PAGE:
Near term, perhaps Archvision could technically document the process of placing RPC content in a custom local library for their customers (per above blog post). In the future perhaps an Enscape API could allow Archvision to assume responsibility for developing, implementing and supporting a plugin that works with Enscape. I think this would be in the interest of Archvision customers.

    I hope this helps address your concerns. Please let me know if you have any questions.

  • Hey everyone-

    Not a frequenter on this forum, but was watching this thread as we, too, are customers of both Enscape and Archvision RPC, so we were a little curious "what the heck" was going on. I dont have much to add that hasnt been said already, but just a few notes:

    1. I dont truly believe the "overall count" of the assets in each ecosystem are whats paramount here, but just to clarify (as a stickler for getting the technicalities correct): There are at least 4,500 assets in the RPC all access environment. The only reason i know this, is- much like many of you are doing with the Enscape Assets currently- 4 years ago i got annoyed with how the RPC Dashboard inserts and names its families. So we took the time to place every single one of them, and then save them to our library as individual RFA's, named and classified with object data the way we want them. Currently, there are 4,701 families in that directory. There is a chance some of them are duplicates, but our library is better curated than most, so im going to doubt there are 100 or 200 dupes in there. Having said that:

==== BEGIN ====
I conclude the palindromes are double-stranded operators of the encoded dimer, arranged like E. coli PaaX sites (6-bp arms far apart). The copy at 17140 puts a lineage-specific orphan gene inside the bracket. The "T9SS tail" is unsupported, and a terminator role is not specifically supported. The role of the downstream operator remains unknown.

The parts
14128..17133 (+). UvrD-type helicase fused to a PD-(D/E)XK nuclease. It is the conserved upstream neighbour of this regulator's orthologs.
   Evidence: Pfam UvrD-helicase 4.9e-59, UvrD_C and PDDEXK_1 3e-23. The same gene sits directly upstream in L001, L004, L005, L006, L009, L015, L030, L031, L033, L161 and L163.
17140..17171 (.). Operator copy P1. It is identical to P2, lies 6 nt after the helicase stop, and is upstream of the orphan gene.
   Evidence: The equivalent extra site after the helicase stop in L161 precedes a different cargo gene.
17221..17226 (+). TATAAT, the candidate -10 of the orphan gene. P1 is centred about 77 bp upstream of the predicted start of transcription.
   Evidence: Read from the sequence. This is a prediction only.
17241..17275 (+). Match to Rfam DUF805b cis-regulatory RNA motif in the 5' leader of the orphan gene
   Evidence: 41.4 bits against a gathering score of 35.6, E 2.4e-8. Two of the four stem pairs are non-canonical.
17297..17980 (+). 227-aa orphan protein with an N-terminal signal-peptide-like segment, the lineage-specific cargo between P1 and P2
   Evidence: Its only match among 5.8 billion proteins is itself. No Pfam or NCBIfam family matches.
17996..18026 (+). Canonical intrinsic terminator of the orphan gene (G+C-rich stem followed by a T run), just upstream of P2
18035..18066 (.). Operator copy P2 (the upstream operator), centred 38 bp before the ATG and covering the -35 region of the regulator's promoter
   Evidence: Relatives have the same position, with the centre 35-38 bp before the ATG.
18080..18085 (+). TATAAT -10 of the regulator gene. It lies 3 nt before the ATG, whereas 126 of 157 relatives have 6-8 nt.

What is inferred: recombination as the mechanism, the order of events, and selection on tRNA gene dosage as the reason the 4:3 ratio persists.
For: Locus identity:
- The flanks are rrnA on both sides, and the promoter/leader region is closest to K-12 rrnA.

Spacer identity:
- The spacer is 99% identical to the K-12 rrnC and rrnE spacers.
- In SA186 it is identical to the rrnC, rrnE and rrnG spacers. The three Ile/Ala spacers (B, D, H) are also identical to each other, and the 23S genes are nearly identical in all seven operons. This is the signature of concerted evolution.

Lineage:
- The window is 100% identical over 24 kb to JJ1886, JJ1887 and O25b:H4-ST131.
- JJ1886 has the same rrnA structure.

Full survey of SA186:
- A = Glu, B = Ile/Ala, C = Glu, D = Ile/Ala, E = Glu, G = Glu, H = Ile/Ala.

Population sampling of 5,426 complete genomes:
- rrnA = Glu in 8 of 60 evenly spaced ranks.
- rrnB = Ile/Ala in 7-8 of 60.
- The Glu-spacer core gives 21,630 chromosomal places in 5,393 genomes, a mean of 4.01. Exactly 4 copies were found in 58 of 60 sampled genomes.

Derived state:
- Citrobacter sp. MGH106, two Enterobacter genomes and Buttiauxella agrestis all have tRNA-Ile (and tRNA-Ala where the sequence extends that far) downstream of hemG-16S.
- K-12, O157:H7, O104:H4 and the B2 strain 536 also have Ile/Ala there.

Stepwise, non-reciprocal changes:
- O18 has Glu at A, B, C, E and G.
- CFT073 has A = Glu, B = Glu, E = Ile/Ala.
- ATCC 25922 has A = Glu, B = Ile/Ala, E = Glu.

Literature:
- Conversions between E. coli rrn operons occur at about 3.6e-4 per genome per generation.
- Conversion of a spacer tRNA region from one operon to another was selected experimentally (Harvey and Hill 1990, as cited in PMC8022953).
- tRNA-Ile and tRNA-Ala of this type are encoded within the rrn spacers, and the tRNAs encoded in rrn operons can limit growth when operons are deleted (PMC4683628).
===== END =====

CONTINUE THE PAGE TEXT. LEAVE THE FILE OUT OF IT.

2. I also am in the camp of "Im disappointed," but i see how this affects people varying, depending on what the group does for a living.

    We arent a viz house, at all. We essentially jump in to Enscape to review models with clients, to talk through modeling techniques, and designs, and things of that nature. We plop the RPC's in to give context, pretty quickly. Given that the RPC's still work in Revit, and we can use the same RFA's we have currently to port to Assets from Enscape in the future, we can (for the most part) skirt by this unharmed.